CALLAS' PIRATA' AT CARNEGIE HALL
(4 out of 5 stars)
"Another opera that Callas should have recorded under studio conditions, "Il Pirata" is a frequently exciting opera with some very good music. This recording comes from a live performance at Carnegie Hall on January 25, 1959, and while the sound is not exactly what one would call "state-of-the-art", it is certainlyis tolerable. In the very dramatic and demanding role of Imogene, Callas is thrilling. She is not in as good voice as she still could have been at this period, with wiry and abrasive top notes effecting some of the climaxes. Nevertheless, what she delivers is top drawer, and the audience present knows that it is hearing something quite astonishing. The final 25 minute Mad Scene alone is sufficient reason to own this performance. As was usually the case at this period, Callas' male support does not come anywhere near her level of performance. The tenor and baritone are routine, but when they sing with Callas, they somehow seem better than they actually are. Nicola Resigno conducts a rough-and-ready performance which is on the fast side, but music profits from it and it increases the tension. There is no other recording which captures Callas in this role, and I would certainly recommend it to anyone who is interested in the bel canto repertoire, or, of course, in the career and art of Maria Callas."
AN IMPORTANT DOCUMENT OF CALLAS IN LIVE PERFORMANCE
L. Mitnick | Chicago, Illinois United States | 02/28/2006
(4 out of 5 stars)
"Maria Callas performed this opera at La Scala during the 1957-1958 season, with Franco Corelli and Ettore Bastianini as her partners. Unfortunately, it was not recorded. In January, 1959, however, Callas performed this opera in a concert version at Carnegie Hall under the auspices of the American Opera Society. This is a a live recording of that performance. To begin with, the tenor and baritone here do not begin to approach Corelli or Bastianini. Secondly, the opera is somewhat cut to essentials. What remains is Callas, who is, of course, the centerpiece of this performance. By this time Callas had attained a reputation unrivalled by any opera singer ever, having just been fired from the Metropolitan Opera, her appearance in this performance caused near riots by those trying to get tickets for what was to be her only appearance in New York that year.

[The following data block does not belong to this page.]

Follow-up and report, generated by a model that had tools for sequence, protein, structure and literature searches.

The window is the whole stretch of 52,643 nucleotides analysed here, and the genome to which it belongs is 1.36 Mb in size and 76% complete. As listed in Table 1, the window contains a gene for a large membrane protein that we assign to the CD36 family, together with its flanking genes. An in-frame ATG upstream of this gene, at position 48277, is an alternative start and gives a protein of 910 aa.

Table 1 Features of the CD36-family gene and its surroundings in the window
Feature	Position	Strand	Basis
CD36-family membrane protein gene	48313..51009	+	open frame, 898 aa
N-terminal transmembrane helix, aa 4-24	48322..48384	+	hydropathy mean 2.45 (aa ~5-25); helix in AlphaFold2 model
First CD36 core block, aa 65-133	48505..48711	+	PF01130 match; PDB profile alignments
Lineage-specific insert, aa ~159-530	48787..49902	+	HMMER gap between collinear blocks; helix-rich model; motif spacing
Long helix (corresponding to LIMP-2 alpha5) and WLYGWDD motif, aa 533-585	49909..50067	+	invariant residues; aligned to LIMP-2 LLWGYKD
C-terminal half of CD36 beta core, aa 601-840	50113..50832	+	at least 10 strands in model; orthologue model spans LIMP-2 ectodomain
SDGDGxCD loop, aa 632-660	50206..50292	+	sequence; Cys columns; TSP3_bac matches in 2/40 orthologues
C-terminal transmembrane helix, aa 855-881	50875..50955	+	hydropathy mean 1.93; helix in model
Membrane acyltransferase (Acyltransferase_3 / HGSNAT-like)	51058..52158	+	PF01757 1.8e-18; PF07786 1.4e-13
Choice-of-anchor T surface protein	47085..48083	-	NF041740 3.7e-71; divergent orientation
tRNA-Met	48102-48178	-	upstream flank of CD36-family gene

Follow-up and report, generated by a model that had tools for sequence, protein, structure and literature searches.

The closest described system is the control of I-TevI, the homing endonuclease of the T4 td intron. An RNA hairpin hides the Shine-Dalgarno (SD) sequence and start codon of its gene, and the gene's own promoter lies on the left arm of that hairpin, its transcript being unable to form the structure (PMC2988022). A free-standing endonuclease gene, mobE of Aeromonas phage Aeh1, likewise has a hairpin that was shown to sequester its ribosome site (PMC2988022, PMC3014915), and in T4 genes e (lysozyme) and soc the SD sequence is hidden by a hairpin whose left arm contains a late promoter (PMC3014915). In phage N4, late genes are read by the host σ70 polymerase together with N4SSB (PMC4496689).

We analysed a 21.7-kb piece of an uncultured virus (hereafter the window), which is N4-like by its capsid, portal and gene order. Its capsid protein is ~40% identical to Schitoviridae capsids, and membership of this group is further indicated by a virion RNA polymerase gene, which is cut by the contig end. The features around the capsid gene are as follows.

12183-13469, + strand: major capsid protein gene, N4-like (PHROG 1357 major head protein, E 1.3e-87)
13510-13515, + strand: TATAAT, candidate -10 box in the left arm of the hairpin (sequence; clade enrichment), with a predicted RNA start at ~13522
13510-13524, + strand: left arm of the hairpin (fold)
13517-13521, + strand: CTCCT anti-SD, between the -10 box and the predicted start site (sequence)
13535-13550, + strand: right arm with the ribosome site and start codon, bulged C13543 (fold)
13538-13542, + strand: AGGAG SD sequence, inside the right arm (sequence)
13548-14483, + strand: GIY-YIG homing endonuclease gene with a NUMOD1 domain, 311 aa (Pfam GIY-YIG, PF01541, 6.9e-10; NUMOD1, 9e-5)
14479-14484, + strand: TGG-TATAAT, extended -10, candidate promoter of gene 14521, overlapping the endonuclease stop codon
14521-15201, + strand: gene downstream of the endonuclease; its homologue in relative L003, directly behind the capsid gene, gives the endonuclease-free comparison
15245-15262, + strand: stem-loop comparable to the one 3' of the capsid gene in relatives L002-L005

And what do we get here? Actually, a reasonably good representation of Bellini's opera, with Callas giving a searing and vaulting performance, expecially of the final Mad Scene. Her voice, as heard here, is somewhat harsh, thorny, and strident on the uppermost notes. No question about it ---- the decline is obvious, but her musicianship and sheer intelligence makes this music soar. Technically, she is still superb, executing some difficult cadenzas with relative ease. Sustained top notes are another matter. By the time she gets to the final Mad Scene, her voice settles and, like a master violinst, negotiates the long scene with great command and authority ------ even including a long sustained top C at the conclusion. Nicola Resigno paces the opera in a no-nonsence fashion, and the result is a pretty taut presentation. The sound is actually pretty decent, considering it's source. All in all, it's a pretty decent representation of Maria Callas in one of her more notable revivals."
Memorable Callas in an unworthy production
Armindo | Greece | 02/05/2007
(3 out of 5 stars)
"I revisited this recording before and after attending a Pirata performance last month. Maybe because of Rescigno, maybe because of the second-rate tenor and baritone, I wasn't excited by this recording. I thought it was because of the work but the live performance proved it wasn't.
Maria Callas as Imogene is the obvious reason to get this performance and what a pleasure it is to hear her relaxing her throat and allowing Bellini's music to flow. Her best work is in the recitatives and lyrical passages. I love it when she sings lower notes with more care. While the downward leaps and fioriture are always so spectacular with this singer. Unfortunately highest notes were by that time often strenuous, and wobbly, especially in faster sections but I wouldn't want her to avoid them. The opening scene is very good as are some duets but the most touching moment of the performance is Col sorisso d'innocenza. A thing of beauty and sorrow even though I was disappointed that she didn't float the last note and chose to push it. The final cabaletta was strangely tasteless for Callas; the ornaments didn't sound very comfortable or well prepared. Still, there is enough to enjoy elsewhere.
Once past Callas, there isn't much to make me listen to this recording again. What a nasty vocal role this Gualtiero. I've yet to find a tenor who faced all the challenges successfully. I bet Corelli was exciting but dread to think how all the florid passages sounded (if he didn't avoid them that is). Miranda-Ferraro has a rather unpleasant voice and doesn't grace the melodies, nor does he sing the fioriture accurately. He's certainly better than Marti next to Caballe's Imogenes but I guess anyone is. Constantino Ego in the important role of Ernesto is as adequate as Mirranda-Ferraro, if not worse. It feels they were just called so that Callas could sing Imogene.
Rescigno is more excited that he's working with Callas than he's conducting Il Pirata so don't expect much from the orchestra.
Seeing Pirata live made me realise that there is so much more to this opera that what we hear here so three stars is what this recording gets from me."